Maine, Day 5 - Bakeries, Breweries, and Boats
Updated: Nov 4, 2020
The day had finally arrived. It was our fifth and final day of enjoying Maine. We woke up early in the morning to clear out the Airbnb and make sure all of our belongings were accounted for. Our gracious host, Dan, agreed to let us keep our luggage at the Airbnb until the early afternoon, so we didn’t have to worry about carrying it around Portland.
We decided on a very well known bakery in the area for breakfast, Standard Baking Co. Since Maine is well known for blueberries, I had to get the blueberry muffin, and Yelena had the chocolate croissant. It was a beautiful morning, so we took our food loot to the pier area and ate by the water. After devouring our amazing breakfast, we strolled around the area and hit a bunch of the local shops.
At this point, our Apple watches told us we had already hit 10,000 steps for the day, so we used that as justification for walking to Porthole for lunch on the water. As a side note, Gordon Ramsey had just recommended Porthole a few weeks prior to our arrival. Per usual, we both ordered a lobster roll and clam chowder - they did not disappoint. There were lobster boats coming in constantly as we ate on the deck overlooking the water, which was very cool to see. We were happy, full, and full of energy, so we made our way to the East end in an attempt to hit every brewery in the area.
We started at Maine Meadworks, where Yelena had the dry mead - she is usually not a big mead fan, but she said this was the best tasting one she’s ever had. We sat outside in the large tented area in front of the meadery and took in the nice weather. We then decided to wander around the area and came across a pop-up location of The Maine Jewish Museum. The art was a celebration of Maine’s diverse Jewish community and had some of the most unique pieces of art I’ve seen in years. After getting our art fix for the day, we kept walking north until we made it to Maine Craft Distilling.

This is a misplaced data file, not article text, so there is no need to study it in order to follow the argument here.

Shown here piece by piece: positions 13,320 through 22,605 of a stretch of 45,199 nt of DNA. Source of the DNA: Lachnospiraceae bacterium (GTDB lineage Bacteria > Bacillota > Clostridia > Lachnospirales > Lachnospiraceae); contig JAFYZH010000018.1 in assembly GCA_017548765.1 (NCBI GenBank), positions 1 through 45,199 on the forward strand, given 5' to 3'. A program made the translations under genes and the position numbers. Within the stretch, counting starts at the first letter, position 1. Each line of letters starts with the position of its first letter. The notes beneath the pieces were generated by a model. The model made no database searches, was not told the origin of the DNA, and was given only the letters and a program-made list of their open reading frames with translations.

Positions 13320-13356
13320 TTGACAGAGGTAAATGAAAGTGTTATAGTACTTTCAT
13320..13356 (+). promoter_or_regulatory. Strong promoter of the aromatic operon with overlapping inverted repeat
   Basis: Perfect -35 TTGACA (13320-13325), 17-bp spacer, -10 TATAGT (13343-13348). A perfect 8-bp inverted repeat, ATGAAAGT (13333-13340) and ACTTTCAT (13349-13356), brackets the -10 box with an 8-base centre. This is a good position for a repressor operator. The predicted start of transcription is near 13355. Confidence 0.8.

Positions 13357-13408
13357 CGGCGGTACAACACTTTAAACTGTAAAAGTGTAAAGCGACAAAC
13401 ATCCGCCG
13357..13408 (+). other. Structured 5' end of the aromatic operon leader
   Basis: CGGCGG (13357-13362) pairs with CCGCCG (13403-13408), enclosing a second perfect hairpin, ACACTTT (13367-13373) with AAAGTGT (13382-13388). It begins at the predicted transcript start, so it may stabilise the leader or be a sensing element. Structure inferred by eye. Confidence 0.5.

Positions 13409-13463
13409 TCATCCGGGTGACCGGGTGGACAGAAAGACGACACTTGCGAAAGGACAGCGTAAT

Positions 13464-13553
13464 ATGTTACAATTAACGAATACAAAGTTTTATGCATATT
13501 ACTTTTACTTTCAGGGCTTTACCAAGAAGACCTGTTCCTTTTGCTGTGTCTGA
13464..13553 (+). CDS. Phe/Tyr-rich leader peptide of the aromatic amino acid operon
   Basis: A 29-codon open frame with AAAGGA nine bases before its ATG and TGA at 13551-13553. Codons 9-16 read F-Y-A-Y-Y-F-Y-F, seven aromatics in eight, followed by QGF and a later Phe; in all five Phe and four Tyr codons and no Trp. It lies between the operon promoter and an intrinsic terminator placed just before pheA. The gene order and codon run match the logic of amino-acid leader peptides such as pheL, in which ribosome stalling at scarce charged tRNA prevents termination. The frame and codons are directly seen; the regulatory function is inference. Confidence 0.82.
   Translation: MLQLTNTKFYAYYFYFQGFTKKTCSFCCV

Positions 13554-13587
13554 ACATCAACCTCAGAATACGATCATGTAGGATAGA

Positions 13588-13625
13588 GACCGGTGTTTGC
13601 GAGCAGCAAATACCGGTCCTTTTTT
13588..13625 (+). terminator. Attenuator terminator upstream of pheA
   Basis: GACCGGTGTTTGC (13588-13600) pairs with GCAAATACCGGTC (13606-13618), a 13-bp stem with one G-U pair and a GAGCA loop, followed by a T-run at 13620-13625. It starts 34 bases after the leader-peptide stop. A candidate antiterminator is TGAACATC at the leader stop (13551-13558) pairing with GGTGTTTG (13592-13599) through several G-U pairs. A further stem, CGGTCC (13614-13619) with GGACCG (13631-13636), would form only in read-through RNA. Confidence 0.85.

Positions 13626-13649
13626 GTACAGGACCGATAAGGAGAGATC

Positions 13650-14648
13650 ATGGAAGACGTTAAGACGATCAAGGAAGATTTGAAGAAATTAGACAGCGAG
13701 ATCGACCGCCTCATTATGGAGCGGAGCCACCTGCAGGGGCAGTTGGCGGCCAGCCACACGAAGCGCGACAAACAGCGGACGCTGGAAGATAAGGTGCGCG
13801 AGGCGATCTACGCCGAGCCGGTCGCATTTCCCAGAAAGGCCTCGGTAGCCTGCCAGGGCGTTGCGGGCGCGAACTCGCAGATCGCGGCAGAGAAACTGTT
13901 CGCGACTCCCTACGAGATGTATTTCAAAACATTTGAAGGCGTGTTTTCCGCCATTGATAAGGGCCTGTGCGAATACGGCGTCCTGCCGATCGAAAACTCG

Maine Craft Distilling is a very cool distillery that has lots of space outdoors to enjoy a drink while soaking in warm weather. It even has a treehouse (on the ground) nestled by the tree line where you can sit back, relax, and enjoy a local brew while shielded from the sun. Yelena had some of the locally-made Cranberry Island Cocktail, which she said was delicious. We kicked back in the treehouse area for another hour before we decided to move on to the next stop.
Root Wild was very neat - it’s both a brewery and a fermentory, and they do both things well. I am not a big kombucha drinker, but I can confidently say that the kombucha at Root Wild is among the best I’ve had. Yelena decided to be much healthier than I and ordered a sour beer. We quickly finished both of our beverages and ramped up for our next stop on the Maine Brewery Tour of 2020.
Urban Farm Fermentory is similar to Root Wild in that they both ferment kombucha, but Urban Farm also makes its own cider, which it refers to as CIDAH. Yelena, our cider expert, had to order one and see for herself. She told me in no uncertain terms that she could have three more ciders from Urban Farm. I went with another kombucha because I am the paragon of health and wellness. Urban Farm has a very cool vibe - the building is painted bright green and there is plenty of space for relaxing outside.
After Urban Farm, we decided to squeeze in one more brewery and we landed on Lone Pine Brewery. Lone Pine is a very cool brewery that utilizes interesting and novel flavors in its beers. Yelena, who had transformed into a beer sommelier during this tour, ordered the Tessellation, which is a blueberry accented IPA. She’d recommend it to anyone, even if you aren’t a big fan of IPAs or beers in general. The outdoor patio area where we enjoyed our drinks was very comfortable, which was the perfect way to end our wonderful trip to Maine.
We highly recommend visiting Maine and we cannot wait to go back.
Most importantly, don’t forget to see the world, and eat the food.